When Ashwin Willemse called me out of the blue to meet for coffee some time ago, I was excited and knew exactly what I was going to ask him.
How did a poor Afrikaans-speaking boy from a broken home in rural Caledon become this multi-award-winning Springbok rugby player? Many of the young men from his home town are absorbed into gangs, abuse drugs and find themselves circulating through that revolving door called the prison system. I knew within minutes of our first meeting why this rugby winger rose to the top of his game − discipline, determination and a good dose of humility.
That is why when Ashwin snapped on the television set of SuperSport last weekend, two things were immediately clear to me. One, this generous and humble man had been driven to the edge. Something must have upset him over time and he could no longer take it. Two, the way he addressed his grievance was completely within character − calm, deliberate, thoughtful, but direct.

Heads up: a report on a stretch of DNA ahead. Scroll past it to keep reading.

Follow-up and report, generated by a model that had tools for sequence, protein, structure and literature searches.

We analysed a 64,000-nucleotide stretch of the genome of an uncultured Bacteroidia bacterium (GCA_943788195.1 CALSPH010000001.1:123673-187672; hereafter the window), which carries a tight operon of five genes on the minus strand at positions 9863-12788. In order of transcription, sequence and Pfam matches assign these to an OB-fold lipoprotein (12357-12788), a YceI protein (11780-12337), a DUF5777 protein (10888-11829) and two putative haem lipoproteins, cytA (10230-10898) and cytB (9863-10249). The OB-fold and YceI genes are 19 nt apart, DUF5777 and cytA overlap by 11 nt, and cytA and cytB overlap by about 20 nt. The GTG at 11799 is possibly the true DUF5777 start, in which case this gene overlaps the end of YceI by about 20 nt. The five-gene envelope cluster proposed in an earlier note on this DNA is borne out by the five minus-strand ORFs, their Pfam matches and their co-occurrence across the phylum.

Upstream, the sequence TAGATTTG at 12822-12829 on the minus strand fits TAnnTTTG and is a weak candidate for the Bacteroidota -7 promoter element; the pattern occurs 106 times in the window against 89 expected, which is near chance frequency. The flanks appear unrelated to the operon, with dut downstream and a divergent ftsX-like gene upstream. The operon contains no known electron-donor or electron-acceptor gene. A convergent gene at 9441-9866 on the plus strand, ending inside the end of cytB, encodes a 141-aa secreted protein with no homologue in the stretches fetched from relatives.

The live incident caught on tape went viral on social media and, true to form, many white South Africans launched into Ashwin for being disrespectful and unfairly charging his co-presenters, Nick Mallett and Naas Botha, as being patronising bigots. Black South Africans, in the main, instantly expressed solidarity with Ashwin and even the new minister of Sport would, within hours, put out a statement of support while calling for a swift investigation.
So far, black and white South Africans played dutifully to the historical script − blacks saw white racism, whites saw black petulance. That split in opinion is not unexpected in our divided country; the much more interesting question is: Why do two groups of people staring at the same event on television “see” two completely different realities?
- Read Jansen's full column on Times Select